While the leaders of the Melanesian Spearhead Group prepare for their annual summit in New Caledonia starting on Wednesday, it appears the key issue on the agenda has been pushed aside.
The meeting will be attended by the leaders of Fiji, Vanuatu, Solomon Islands and the New Caledonia's pro-independence group, the FLNKS, while Papua New Guinea is sending a cabinet minister in place of Peter O'Neill.
The countries foreign ministers have already met, on Lifou, and as Johnny Blades told Don Wiseman, it looks like bad news for the West Papuans pushing to join the Melanesian club.
JOHNNY BLADES: What's come out of that is that the MSG is going to probably defer the decision on the West Papua National Coalition for Liberation formal bid for membership in the MSG and they're going to, in the meantime, try to find out more about the West Papua situation by sending a mission to Jakarta and the Papuan provincial capital Jayapura later this year to, quote, discuss West Papua with the Indonesians. Ratu Inoke Kubuabola of Fiji has more or less conveyed that at the conclusion of the MSG Foreign Ministers Meeting.
DON WISEMAN: It's the result of an offer made by Indonesia to Frank Bainimarama a couple of weeks ago, I understand. It would seem clearly an effort by Jakarta to undercut the Papuans.
JB: That seems to be part of it. There's no question Indonesia has been lobbying intensely behind the scenes to counter the West Papuan bid for membership. And, of course, remember that PNG's prime minister Peter O'Neill is in Indonesia at the moment on a state visit. He's been having discussions with the Indonesian president and he's not going to be coming to this MSG Leaders Summit. And I think that's also part of it - a couple of key players within the MSG are not entirely comfortable with giving the West Papuans membership at this stage it seems. But, of course, it will all come down to the leader's decision which is due later in the week, of course, after the West Papuans address the plenary session. But I think that the outcome of this foreign minister's meeting with the announcement of this mission to West Papua is an indication of which way that decision will go.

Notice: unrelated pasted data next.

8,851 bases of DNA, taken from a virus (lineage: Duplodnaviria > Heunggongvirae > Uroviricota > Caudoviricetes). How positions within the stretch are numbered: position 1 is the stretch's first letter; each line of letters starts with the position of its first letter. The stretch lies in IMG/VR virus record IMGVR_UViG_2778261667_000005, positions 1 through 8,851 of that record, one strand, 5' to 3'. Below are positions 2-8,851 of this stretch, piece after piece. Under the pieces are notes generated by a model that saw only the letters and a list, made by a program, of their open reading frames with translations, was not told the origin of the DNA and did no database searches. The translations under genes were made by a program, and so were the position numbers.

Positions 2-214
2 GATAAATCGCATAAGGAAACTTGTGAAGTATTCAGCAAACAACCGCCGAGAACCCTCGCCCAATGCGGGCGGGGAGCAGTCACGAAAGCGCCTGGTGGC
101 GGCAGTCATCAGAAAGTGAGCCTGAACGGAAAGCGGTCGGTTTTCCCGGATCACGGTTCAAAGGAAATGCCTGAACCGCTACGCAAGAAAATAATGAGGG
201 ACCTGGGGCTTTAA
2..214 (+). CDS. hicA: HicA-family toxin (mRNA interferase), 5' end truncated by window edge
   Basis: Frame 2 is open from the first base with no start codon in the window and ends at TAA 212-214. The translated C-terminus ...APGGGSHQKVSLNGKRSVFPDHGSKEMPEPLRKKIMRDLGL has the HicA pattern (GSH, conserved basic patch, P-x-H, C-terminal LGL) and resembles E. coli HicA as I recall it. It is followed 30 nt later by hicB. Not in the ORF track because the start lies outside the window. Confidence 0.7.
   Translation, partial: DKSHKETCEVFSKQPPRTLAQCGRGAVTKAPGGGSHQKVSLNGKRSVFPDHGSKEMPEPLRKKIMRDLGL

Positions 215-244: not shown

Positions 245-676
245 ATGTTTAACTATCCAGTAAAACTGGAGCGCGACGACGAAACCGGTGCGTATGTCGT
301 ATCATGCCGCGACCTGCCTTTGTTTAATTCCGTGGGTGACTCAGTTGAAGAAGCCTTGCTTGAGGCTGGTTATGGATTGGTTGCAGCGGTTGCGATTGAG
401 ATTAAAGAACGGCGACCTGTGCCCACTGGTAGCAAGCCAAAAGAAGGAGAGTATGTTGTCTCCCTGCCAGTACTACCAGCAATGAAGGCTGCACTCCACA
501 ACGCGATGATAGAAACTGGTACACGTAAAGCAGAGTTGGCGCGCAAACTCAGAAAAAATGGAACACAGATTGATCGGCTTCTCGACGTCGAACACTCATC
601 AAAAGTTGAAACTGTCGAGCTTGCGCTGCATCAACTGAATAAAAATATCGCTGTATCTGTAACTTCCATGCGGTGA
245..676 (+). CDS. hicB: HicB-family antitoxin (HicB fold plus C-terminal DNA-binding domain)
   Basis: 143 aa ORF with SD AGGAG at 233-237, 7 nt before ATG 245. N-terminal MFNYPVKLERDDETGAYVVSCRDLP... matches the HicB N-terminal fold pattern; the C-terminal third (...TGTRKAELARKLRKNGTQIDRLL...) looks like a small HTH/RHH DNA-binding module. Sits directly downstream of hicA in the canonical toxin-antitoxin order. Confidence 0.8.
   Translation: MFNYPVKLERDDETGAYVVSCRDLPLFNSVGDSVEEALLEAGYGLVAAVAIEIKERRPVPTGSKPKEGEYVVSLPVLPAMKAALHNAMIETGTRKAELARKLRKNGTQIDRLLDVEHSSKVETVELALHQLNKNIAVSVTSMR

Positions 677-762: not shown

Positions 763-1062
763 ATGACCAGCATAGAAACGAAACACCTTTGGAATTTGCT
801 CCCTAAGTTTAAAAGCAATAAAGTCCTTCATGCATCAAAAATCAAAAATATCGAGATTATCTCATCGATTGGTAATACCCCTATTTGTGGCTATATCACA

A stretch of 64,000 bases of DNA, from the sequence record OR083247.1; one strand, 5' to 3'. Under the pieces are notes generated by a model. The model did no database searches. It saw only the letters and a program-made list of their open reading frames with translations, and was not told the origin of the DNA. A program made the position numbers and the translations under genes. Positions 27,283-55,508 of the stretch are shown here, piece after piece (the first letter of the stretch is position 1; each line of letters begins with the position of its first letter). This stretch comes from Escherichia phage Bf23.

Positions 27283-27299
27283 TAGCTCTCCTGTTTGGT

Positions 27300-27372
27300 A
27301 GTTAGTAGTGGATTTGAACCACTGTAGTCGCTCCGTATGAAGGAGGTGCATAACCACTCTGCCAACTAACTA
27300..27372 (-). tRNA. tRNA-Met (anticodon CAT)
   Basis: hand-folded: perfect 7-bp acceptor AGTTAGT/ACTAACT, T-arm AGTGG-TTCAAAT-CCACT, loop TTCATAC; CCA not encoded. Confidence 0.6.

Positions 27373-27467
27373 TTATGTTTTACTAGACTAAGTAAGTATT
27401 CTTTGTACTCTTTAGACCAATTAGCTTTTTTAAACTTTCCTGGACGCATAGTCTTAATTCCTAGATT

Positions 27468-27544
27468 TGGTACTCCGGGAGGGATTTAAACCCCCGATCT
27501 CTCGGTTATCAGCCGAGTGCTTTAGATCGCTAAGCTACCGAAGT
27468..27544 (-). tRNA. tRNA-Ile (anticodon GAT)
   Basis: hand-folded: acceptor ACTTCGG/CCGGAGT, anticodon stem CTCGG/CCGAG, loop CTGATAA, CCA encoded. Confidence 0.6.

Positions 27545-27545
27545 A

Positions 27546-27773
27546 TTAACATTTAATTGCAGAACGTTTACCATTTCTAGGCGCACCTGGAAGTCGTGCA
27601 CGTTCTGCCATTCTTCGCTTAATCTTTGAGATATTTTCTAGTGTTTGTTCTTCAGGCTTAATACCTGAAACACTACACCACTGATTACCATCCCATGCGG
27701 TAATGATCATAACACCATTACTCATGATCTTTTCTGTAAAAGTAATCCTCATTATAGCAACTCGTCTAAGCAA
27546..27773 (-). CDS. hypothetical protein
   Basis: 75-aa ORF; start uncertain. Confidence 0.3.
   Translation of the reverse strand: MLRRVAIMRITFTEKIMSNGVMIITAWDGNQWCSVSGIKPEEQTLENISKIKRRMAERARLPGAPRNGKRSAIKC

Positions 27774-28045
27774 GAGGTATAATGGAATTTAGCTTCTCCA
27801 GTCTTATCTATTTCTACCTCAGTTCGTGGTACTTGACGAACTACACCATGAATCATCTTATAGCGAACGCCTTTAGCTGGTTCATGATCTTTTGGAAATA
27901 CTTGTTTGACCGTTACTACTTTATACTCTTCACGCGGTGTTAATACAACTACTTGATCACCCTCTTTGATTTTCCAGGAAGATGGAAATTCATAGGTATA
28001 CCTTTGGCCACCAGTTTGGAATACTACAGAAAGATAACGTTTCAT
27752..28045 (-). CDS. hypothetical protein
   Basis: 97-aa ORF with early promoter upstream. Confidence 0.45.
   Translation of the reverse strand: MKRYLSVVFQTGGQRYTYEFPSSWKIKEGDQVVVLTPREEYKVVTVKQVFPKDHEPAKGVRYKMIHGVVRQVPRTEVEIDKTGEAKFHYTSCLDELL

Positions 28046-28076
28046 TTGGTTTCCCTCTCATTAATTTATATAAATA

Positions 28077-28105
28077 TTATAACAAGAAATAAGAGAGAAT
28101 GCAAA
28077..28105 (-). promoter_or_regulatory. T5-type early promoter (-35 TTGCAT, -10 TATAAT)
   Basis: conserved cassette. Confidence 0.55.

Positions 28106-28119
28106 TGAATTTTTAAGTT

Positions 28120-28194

DW: And the West Papuans, I presume there's a reasonable contingent of them in Noumea, they'll be angry.
JB: I think they'll be really disappointed. They flew in last night and they had really high hopes for this MSG summit, that they'd finally be brought in to the Melanesian club. They'll be really disappointed. In a way, it's not all bad because there might be a bit of movement on their cause, but it's well short of what they were hoping for and I think maybe expecting.
DW: What else can we expect the leaders to be discussing when they come together from tomorrow?
JB: They're going to talk about trade, labour mobility. That's definitely a bit of a hot topic at the moment. Particularly PNG and Fiji have been discussing all sorts of skills, movement, arrangements. And I think also they're going to look at the report on the future direction of the MSG, which is being put together by an Eminent Persons Group, and I think that's a reflection of the growing cohesion of this sub-regional grouping. They're also, I believe, going to be looking at the progress of the Noumea Accord and how the FLNKS are getting on with preparing for possible independence